'An increasing number of businesses invest in advanced technologies that can help them forecast the future of their workforce and gain a competitive advantage.
Many analysts and professional practitioners believe that, with enough data, algorithms embedded in People Analytics (PA) applications can predict all aspects of employee behavior: from productivity, to engagement, to interactions and emotional states.
Predictive analytics powered by algorithms are designed to help managers make decisions that favourably impact the bottom line. The global market for this technology is expected to grow from US$3.9 billion in 2016 to US$14.9 billion by 2023.
Despite the promise, predictive algorithms are as mythical as the crystal ball of ancient times.
One of the fundamental flaws of predictive algorithms is their reliance on “inductive reasoning”. This is when we draw conclusions based on our knowledge of a small sample, and assume that those conclusions apply across the board.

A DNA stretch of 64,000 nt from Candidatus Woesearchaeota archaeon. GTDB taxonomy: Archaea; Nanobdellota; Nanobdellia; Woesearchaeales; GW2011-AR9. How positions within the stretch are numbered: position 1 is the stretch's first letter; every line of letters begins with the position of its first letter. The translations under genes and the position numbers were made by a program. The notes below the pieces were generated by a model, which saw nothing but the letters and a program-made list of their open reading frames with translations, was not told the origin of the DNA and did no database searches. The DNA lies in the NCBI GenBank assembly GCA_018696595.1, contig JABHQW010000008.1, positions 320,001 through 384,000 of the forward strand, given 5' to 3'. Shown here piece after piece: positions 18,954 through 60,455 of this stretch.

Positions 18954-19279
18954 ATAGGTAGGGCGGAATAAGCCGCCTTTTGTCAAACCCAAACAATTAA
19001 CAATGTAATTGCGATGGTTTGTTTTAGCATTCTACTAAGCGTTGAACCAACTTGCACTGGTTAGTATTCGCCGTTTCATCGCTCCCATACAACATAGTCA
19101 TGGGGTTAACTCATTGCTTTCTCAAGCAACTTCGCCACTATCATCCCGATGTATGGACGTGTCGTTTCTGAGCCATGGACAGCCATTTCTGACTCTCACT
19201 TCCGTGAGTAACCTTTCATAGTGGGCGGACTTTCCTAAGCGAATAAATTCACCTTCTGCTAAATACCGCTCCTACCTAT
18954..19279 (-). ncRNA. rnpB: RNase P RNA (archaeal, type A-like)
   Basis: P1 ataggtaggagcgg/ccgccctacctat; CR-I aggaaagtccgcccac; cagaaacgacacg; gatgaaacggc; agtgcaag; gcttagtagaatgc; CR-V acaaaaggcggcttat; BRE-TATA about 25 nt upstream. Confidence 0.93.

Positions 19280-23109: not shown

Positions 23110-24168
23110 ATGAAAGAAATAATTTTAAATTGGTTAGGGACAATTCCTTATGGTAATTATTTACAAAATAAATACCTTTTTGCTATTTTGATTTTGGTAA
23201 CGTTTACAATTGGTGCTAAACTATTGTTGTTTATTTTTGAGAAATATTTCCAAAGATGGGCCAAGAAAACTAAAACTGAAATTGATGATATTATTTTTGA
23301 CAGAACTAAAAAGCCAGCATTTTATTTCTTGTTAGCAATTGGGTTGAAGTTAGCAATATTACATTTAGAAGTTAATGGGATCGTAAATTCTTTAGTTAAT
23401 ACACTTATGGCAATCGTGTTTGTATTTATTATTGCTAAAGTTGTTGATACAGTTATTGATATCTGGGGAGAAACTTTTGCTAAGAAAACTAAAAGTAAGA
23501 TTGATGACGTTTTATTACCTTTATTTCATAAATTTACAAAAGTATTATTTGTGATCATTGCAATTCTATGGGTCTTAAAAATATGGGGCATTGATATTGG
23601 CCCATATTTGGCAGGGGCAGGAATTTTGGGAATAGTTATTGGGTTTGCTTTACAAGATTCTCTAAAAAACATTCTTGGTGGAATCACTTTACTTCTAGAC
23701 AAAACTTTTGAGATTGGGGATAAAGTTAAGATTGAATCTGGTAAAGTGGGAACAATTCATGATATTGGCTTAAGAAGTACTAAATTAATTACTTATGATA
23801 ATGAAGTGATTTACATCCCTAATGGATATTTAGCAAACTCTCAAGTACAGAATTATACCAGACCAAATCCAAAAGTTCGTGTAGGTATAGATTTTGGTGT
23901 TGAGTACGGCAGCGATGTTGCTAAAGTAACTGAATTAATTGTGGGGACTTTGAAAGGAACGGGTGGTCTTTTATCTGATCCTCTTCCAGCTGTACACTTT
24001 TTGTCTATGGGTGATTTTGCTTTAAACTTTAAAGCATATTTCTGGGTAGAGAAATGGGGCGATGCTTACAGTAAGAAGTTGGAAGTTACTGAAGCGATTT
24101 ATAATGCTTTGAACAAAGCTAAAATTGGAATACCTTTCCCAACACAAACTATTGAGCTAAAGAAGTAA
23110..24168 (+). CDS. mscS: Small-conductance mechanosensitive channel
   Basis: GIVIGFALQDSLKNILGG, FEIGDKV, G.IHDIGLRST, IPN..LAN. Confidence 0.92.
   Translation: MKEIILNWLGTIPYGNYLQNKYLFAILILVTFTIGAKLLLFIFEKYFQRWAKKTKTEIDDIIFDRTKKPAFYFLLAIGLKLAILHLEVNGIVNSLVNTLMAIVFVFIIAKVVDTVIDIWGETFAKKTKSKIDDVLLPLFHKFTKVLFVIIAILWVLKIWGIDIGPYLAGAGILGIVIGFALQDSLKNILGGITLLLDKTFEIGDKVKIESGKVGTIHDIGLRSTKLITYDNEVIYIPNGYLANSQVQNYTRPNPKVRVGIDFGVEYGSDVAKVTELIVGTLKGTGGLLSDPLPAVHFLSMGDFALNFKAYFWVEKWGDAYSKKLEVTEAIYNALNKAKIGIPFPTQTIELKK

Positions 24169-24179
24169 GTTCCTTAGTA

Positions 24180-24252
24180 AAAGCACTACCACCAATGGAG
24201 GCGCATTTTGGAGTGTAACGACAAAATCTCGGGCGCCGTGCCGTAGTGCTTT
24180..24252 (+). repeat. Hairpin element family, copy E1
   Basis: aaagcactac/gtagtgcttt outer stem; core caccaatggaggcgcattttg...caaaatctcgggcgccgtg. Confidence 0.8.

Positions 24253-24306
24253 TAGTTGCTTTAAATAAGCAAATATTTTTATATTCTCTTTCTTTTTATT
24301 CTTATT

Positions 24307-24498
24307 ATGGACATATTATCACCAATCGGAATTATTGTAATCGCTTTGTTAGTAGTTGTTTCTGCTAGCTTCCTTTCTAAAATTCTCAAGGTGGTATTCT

For example, a manager might observe that all of her employees with an MBA are highly motivated. She therefore concludes that all workers with an MBA are highly motivated.
This conclusion is flawed because it assumes that past patterns will remain consistent. This assumption itself can only be true because of our experience to date, which confirms this consistency. In other words, inductive reasoning can only be inductively justified: it works because it has worked before. Therefore, there is no logical reason to assume that the next person our company hires who has an MBA degree will be highly motivated.'
Read more: Predictive Algorithms Are No Better At Telling The Future Than A Crystal Ball
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